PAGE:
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Wireless Networks

CSG 250 Spring 2005 Rajmohan Rajaraman

Wireless Networks Spring 2005

Outline of the course: Basic topics
 Transmission Fundamentals
o o o o Analog and digital transmission Channel capacity Antennas, propagation modes, and fading Signal encoding techniques

 Spread spectrum technology  Coding and error control  Cellular networks  Wireless LANs
o IEEE 802.11 o Bluetooth
Wireless Networks Spring 2005

and routing protocols o Algorithms for query processing Wireless Networks Spring 2005 .Outline: Advanced topics  Mobile IP  TCP for wireless  Multihop ad hoc networks o MAC and routing protocols o Power control and topology control o Capacity of ad hoc networks  Sensor networks o Infrastructure. MAC.

television.Wireless Comes of Age  Guglielmo Marconi invented the wireless telegraph in 1896 o Communication by encoding alphanumeric characters in analog signal o Sent telegraphic signals across the Atlantic Ocean  Communications satellites launched in 1960s  Advances in wireless technology o Radio. ad hoc networks. mobile telephone. sensor networks Wireless Networks Spring 2005 . wireless networking. communication satellites  More recently o Satellite communications. cellular technology.

Anywhere. Any form”  Applications: Ubiquitous computing and information access  Market in continuous growth: o 35-60% annual growth of PCS o Number of subscribers: • by 2001: over 700M mobile phones • by 2003: 1 billion wireless subscribers (source Ericsson) o 300% growth in wireless data from 1995-1997  Large diversity of standards and products  Confusing terminology Wireless Networks Spring 2005 .Wireless communication systems  Target information systems: “Anytime.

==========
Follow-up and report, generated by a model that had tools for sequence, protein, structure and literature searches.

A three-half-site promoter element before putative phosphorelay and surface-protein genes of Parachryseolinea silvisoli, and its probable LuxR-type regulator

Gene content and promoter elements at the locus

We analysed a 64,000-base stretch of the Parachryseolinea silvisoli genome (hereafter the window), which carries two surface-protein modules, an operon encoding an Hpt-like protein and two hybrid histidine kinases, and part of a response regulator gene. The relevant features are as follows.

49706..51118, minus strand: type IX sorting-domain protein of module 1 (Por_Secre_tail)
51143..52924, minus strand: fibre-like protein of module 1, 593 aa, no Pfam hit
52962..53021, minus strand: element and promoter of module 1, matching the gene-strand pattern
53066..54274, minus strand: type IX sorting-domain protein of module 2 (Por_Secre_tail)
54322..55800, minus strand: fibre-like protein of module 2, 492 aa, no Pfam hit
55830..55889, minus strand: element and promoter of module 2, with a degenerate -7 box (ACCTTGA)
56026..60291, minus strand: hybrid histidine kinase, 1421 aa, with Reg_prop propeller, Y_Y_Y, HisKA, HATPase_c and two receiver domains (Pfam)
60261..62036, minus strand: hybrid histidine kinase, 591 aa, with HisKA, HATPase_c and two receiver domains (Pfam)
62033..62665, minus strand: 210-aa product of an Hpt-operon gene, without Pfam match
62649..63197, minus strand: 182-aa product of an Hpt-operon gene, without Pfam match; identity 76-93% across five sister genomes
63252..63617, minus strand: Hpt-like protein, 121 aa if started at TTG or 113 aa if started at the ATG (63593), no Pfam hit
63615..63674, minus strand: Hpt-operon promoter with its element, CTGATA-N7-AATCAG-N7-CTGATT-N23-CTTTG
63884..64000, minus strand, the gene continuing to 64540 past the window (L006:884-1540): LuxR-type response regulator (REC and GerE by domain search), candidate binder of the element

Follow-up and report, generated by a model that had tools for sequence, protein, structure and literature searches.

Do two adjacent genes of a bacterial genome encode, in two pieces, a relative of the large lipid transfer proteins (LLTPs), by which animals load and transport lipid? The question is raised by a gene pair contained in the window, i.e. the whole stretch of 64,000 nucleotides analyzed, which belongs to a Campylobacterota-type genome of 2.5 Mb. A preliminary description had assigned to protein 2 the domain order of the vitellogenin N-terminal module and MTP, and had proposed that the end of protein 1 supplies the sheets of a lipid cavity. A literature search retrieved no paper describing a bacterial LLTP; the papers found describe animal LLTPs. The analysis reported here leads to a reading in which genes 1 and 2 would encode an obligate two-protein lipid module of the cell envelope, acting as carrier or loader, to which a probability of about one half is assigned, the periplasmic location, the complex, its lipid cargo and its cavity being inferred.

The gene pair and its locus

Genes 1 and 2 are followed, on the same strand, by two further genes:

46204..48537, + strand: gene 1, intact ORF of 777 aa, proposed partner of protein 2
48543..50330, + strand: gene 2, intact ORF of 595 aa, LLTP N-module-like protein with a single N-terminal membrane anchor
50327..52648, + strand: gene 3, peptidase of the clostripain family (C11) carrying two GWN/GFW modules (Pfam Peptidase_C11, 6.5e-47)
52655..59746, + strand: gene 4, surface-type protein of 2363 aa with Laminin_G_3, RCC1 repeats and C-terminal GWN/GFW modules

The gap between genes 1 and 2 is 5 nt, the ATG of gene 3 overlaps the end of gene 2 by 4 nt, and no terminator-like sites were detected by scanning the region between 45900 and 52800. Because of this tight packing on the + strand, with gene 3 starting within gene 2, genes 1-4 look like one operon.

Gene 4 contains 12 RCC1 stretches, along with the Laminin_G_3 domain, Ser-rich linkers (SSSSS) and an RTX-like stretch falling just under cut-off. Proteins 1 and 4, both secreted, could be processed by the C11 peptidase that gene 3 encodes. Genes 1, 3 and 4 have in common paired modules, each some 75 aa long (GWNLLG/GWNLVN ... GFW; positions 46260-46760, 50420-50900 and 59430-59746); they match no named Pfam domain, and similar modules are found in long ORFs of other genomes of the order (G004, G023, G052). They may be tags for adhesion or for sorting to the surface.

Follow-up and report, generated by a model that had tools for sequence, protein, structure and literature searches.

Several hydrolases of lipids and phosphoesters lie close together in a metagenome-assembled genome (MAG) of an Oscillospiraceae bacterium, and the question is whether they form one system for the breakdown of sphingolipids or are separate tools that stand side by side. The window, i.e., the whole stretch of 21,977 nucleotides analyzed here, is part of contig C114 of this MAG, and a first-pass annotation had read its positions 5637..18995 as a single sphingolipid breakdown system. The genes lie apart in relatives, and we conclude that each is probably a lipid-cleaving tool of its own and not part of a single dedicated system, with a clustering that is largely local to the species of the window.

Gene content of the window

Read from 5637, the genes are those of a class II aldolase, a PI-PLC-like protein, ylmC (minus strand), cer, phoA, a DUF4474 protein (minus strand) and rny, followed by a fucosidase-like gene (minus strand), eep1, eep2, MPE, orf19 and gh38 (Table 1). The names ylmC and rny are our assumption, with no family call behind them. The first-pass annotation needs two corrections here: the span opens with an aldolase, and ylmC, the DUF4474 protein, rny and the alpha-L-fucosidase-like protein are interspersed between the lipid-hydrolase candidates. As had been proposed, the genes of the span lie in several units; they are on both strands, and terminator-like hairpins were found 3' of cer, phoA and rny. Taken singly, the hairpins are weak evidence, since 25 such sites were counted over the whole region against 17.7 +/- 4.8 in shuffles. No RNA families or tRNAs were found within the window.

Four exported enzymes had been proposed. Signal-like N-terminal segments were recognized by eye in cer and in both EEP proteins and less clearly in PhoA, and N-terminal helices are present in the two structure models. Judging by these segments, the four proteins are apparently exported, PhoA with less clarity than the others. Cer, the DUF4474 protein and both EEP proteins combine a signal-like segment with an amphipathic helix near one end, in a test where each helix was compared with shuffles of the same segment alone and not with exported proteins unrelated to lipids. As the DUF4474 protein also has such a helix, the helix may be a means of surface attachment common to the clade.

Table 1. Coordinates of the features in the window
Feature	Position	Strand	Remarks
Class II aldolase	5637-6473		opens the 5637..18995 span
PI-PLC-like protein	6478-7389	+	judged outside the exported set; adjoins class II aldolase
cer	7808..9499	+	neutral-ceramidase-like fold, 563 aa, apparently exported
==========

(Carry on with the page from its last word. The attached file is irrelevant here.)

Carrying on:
. browsers of most mobile wireless devices use wireless markup language (WML) instead of HTML Wireless Networks Spring 2005 ..g.g.Limitations and difficulties  Wireless is convenient and less expensive  Limitations and political and technical difficulties inhibit wireless technologies  Lack of an industry-wide standard  Device limitations o E. small LCD on a mobile telephone can only displaying a few lines of text o E.

GSM.IMT200.. cdmaOne. Wireless Networks Spring 2005 .. laptop. PDA.. . WLAN. .. ad c ho Personal Travel Assistant. WLAN. TETRA. Bluetooth. GSM. DAB.

Radio frequency spectrum  Wireless technologies have gradually migrated to higher frequencies twisted pair 1 Mm 300 Hz VLF 10 km 30 kHz coax cable optical transmission 100 m 3 MHz MF HF 1m 300 MHz VHF UHF 10 mm 30 GHz SHF EHF 100 µm 3 THz infrared 1 µm 300 THz visible light UV LF Wireless Networks Spring 2005 .

higher jitter Heterogeneous air interfaces Security: easier snooping User location may change with time Speed of mobile impacts wireless bandwidth Need mechanism for handoff Security: easier spoofing  Mobility:  Portability o Limited battery. storage. interference) High latency. computing. and UI Wireless Networks Spring 2005 .Wireless & Mobility  Wireless: o o o o o o o o o o Limited bandwidth Broadcast medium: requires multiple access schemes Variable link quality (noise.